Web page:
“If [the quake] were in Los Angeles you’d probably have massive destruction too,” Baldwin said in a telephone interview.
“Any Muslim in any part of the world who works with Switzerland is an apostate, is against (the Prophet) Mohammad, God and the Koran,” Gaddafi said. “The masses of Muslims must go to all airports in the Islamic world and prevent any Swiss plane landing, to all harbors and prevent any Swiss ships docking, inspect all shops and markets to stop any Swiss goods being sold.”
Libya’s feud with Switzerland stems from a 2008 incident in which Gaddafi’s son, Hannibal, was arrested in Geneva over accusations that he had abused his domestic servants.
Switzerland did not comment on Gaddafi’s remarks.
Bets by some of the same banks that helped Greece shroud its mounting debts may actually now be pushing the nation closer to the brink of financial ruin
Echoing the kind of trades that nearly toppled the American International Group, the increasingly popular insurance against the risk of a Greek default is making it harder for Athens to raise the money it needs to pay its bills, according to traders and money managers.
These contracts, known as credit-default swaps, effectively let banks and hedge funds wager on the financial equivalent of a four-alarm fire: a default by a company or, in the case of Greece, an entire country. If Greece reneges on its debts, traders who own these swaps stand to profit.
“It’s like buying fire insurance on your neighbor’s house — you create an incentive to burn down the house,” said Philip Gisdakis, head of credit strategy at UniCredit in Munich.
As Greece’s financial condition has worsened, undermining the euro, the role of Goldman Sachs and other major banks in masking the true extent of the country’s problems has drawn criticism from European leaders. But even before that issue became apparent, a little-known company backed by Goldman, JP Morgan Chase and about a dozen other banks had created an index that enabled market players to bet on whether Greece and other European nations would go bust.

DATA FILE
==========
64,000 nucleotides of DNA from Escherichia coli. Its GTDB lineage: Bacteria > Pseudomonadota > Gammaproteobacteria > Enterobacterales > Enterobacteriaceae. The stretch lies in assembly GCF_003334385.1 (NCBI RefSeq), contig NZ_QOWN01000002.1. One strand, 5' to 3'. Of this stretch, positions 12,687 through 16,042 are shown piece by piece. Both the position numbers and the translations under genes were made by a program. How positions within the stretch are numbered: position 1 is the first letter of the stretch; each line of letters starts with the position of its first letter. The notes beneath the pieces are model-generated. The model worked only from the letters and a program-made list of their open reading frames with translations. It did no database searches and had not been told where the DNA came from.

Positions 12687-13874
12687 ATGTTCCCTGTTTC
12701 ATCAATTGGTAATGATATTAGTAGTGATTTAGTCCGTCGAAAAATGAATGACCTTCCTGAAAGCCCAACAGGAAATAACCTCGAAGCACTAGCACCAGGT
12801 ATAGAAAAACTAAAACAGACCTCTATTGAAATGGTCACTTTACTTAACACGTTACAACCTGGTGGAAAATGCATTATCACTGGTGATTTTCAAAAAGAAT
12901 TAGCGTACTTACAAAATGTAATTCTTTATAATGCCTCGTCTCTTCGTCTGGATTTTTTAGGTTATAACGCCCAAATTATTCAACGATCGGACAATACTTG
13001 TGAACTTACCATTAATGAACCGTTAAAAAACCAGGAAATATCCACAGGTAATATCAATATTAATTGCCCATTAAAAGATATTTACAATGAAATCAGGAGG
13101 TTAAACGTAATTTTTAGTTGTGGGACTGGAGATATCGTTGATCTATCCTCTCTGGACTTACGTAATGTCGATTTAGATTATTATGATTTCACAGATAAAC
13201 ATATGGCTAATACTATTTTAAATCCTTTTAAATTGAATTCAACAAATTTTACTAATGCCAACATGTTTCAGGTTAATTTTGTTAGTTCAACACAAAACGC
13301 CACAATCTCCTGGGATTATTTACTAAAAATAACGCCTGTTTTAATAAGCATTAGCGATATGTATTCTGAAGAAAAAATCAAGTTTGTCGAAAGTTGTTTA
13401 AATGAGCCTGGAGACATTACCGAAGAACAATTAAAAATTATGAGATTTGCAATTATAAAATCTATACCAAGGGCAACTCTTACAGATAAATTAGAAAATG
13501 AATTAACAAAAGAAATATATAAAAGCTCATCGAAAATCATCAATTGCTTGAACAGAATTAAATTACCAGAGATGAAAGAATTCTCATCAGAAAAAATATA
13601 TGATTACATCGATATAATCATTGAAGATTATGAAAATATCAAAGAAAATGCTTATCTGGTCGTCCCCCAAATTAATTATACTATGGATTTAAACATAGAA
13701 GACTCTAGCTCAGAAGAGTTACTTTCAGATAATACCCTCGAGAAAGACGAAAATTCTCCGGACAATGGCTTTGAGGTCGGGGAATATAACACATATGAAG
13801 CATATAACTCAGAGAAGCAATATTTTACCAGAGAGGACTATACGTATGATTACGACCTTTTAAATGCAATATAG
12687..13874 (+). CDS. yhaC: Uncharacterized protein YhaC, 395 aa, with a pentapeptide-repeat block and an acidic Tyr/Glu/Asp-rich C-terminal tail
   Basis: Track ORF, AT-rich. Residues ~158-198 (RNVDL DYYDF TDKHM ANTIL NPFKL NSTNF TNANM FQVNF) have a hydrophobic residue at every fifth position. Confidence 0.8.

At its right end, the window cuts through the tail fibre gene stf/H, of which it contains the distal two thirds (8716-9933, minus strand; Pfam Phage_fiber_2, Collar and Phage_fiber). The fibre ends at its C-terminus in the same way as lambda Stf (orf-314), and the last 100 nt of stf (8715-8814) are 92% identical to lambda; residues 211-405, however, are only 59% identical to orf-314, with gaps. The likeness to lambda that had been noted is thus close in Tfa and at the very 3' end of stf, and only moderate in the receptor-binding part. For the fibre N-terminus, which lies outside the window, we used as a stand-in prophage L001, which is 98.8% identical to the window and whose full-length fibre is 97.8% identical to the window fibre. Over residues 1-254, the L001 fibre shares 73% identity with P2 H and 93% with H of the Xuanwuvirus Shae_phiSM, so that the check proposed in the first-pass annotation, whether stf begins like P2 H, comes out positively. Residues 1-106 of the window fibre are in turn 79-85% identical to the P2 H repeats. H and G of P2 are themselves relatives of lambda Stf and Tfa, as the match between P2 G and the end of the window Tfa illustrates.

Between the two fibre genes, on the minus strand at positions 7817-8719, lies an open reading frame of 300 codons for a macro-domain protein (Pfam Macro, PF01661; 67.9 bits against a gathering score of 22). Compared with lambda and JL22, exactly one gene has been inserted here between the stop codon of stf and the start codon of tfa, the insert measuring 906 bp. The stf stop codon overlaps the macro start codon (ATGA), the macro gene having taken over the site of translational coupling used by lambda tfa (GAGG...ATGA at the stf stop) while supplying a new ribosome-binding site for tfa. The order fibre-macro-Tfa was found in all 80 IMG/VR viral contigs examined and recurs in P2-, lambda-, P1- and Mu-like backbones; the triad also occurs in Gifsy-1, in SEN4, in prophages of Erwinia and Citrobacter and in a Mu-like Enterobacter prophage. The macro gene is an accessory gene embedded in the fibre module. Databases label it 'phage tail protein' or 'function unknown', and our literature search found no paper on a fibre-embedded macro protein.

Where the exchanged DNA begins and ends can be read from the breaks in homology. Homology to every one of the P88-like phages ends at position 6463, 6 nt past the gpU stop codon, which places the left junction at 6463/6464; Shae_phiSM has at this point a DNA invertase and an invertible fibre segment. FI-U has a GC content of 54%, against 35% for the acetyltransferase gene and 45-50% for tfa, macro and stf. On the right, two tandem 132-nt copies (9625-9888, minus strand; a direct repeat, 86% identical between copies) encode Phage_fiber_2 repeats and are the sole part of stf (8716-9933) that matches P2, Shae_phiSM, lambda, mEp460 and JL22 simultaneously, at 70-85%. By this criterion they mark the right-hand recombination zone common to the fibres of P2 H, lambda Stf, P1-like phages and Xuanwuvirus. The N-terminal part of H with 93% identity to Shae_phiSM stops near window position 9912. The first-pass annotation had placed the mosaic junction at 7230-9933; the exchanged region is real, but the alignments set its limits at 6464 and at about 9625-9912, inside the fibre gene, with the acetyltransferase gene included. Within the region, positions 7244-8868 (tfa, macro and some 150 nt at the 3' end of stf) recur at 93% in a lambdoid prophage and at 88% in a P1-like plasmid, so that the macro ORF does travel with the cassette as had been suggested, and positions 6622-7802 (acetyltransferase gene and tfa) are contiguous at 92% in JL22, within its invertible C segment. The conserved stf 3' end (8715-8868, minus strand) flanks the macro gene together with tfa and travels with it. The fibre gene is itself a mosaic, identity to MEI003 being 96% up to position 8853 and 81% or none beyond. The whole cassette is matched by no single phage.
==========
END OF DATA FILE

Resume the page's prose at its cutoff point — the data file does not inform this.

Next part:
Last September, the company, the Markit Group of London, introduced the iTraxx SovX Western Europe index, which is based on such swaps and let traders gamble on Greece shortly before the crisis. Such derivatives have assumed an outsize role in Europe’s debt crisis, as traders focus on their daily gyrations.
A result, some traders say, is a vicious circle. As banks and others rush into these swaps, the cost of insuring Greece’s debt rises. Alarmed by that bearish signal, bond investors then shun Greek bonds, making it harder for the country to borrow. That, in turn, adds to the anxiety — and the whole thing starts over again.
On trading desks, there is fierce debate over what exactly is behind Greece’s recent troubles. Some traders say swaps have made the problem worse, while others say Greece’s deteriorating finances are to blame.
“This is a country that is issuing paper into a weakening market,” said Ashish Shah, co-head of credit strategy at Barclays Capital, referring to Greece’s need for continual borrowing.
But while some European leaders have blamed financial speculators in general for worsening the crisis, the French finance minister, Christine Lagarde, last week singled out credit-default swaps. Ms. Lagarde said a few players dominated this arena, which she said needed tighter regulation.